Congresswoman Nancy Mace (R-SC) this week introduced a bill that would require federal contractors to implement a Vulnerability Disclosure Policy (VDP).
The proposed legislation, named the Federal Cybersecurity Vulnerability Reduction Act, would require a VDP that is consistent with NIST guidelines. This includes making it clear how vulnerabilities can be reported, establishing a system for providing feedback to reporters, and providing assurances that good faith security research is authoritized and welcomed.
A VDP can help organizations learn about the existence of vulnerabilities in their systems and infrastructure by making it easier for third parties to report discovered security issues.
It’s also worth pointing out that binding operational directive BOD 20-01 from 2020 requires federal agencies to have a VDP. The new bill would expand the requirement, helping reduce risks associated with federal contractors.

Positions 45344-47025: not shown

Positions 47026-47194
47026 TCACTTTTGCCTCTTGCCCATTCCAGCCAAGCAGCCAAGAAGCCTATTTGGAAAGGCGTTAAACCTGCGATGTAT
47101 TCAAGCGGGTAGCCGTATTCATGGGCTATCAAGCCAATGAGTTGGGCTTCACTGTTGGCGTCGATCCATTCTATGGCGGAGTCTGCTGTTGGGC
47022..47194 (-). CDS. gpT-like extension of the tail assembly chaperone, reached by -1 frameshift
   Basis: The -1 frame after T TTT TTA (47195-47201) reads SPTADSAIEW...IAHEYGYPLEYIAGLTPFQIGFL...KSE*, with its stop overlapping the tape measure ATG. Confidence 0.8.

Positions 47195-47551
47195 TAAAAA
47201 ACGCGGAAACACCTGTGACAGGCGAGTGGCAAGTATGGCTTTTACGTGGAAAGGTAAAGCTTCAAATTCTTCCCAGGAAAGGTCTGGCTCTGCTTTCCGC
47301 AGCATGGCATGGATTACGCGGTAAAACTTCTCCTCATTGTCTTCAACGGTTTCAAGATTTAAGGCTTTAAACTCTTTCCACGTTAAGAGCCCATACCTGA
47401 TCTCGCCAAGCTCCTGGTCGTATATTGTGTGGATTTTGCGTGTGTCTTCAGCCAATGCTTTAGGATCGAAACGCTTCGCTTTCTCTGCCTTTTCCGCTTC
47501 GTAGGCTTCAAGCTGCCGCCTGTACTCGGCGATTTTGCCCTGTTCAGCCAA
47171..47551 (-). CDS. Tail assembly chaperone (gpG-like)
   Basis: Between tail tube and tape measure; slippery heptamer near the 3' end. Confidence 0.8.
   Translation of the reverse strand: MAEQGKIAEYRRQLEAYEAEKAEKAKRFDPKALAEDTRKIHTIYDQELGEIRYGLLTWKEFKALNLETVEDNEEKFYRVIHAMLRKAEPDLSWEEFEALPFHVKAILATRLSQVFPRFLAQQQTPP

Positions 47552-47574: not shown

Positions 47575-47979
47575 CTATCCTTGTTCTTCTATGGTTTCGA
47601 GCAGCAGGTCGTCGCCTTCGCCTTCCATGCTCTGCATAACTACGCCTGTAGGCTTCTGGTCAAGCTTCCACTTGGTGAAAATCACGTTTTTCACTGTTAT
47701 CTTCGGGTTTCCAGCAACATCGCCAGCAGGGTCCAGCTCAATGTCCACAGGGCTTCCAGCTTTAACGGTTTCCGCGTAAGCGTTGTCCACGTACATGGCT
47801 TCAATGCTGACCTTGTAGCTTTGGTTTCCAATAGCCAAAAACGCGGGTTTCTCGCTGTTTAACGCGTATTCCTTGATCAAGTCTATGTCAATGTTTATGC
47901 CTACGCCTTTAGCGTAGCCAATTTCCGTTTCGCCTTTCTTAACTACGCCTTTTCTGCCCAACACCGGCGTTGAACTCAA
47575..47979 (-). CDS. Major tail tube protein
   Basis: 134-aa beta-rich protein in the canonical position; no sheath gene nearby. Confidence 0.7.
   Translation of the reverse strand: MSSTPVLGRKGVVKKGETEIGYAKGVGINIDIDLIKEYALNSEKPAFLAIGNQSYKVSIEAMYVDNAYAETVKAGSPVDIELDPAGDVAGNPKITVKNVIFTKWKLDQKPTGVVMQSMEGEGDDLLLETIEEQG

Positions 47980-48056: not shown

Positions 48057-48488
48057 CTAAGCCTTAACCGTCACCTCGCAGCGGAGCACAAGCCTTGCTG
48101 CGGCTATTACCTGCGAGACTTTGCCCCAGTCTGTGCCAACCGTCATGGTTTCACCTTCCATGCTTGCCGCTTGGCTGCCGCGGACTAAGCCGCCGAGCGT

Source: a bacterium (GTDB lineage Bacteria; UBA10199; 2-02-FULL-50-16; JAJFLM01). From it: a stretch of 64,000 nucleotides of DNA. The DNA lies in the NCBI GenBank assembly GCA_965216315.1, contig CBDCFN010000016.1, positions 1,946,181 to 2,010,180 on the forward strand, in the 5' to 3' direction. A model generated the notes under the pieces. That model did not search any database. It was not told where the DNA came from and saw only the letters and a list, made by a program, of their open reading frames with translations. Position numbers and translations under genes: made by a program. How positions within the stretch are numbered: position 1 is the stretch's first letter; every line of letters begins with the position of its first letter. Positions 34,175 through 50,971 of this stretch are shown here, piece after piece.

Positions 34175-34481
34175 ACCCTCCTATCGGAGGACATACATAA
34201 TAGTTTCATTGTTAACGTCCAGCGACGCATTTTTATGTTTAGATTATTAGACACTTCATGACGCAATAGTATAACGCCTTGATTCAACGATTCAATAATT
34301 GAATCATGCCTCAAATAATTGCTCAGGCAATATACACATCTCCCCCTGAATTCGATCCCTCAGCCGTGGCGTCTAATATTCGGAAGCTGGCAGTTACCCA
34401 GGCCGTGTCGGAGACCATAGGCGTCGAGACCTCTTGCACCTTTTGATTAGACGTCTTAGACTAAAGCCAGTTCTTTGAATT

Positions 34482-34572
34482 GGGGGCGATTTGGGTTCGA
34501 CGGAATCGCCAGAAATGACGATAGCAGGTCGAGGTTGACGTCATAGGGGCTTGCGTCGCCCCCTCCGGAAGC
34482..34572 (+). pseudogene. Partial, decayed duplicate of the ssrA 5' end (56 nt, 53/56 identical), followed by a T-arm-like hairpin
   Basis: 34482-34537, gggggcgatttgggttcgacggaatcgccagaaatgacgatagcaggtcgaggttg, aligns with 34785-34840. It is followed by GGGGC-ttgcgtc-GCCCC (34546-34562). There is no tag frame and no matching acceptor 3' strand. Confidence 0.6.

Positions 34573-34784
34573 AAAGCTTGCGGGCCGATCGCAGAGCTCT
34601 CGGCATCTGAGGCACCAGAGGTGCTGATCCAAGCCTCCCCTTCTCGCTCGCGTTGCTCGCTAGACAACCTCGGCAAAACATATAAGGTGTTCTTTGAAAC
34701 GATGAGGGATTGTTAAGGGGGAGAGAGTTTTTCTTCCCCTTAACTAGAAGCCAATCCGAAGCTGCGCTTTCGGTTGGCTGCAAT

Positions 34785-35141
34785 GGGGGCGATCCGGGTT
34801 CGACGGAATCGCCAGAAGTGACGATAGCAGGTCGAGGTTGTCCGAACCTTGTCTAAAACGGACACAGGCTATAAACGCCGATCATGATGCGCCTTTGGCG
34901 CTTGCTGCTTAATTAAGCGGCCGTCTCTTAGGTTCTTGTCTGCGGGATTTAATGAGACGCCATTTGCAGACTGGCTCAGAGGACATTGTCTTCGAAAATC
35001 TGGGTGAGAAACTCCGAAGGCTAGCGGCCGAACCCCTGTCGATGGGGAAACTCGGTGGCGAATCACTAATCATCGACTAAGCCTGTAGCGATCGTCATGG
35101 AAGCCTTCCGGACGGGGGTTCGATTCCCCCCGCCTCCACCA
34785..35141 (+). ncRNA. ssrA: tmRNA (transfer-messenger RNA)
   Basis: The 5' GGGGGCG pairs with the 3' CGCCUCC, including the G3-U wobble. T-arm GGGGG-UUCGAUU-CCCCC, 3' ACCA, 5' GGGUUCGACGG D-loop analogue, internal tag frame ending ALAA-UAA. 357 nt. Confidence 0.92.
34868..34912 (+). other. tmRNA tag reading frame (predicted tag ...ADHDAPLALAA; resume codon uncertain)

“By mandating Vulnerability Disclosure Policies (VDP) for federal contractors, we can ensure a proactive approach to cybersecurity, enabling contractors to identify and address software vulnerabilities promptly,” Congresswoman Mace said. “This legislation, aligned with internationally recognized standards, empowers contractors to stay ahead of malicious actors, preventing potential exploits and protecting sensitive information.”
Mace is chairwoman of the House Oversight Subcommittee on Cybersecurity, Informational Technology, and Government Innovation.
HackerOne, a cybersecurity company specializing in bug bounty programs and vulnerability disclosure policies, said on Thursday that it strongly endorses the bill, noting that the legislation “is an important step toward enhancing the cybersecurity resilience of the many businesses that support the federal government and have access to government data”.
The Pentagon has been running bug bounty programs since 2016, getting help from thousands of white hat hackers who discovered a total of more than 2,500 vulnerabilities. The payouts from more than 40 bug bounty programs total $650,000.
In its inaugural VDP Platform Annual Report published on Friday, the US Cybersecurity and Infrastructure Security Agency (CISA) said its VPD platform facilitated the remediation of more than 1,000 vulnerabilities through December 2022, including nearly 200 critical issues.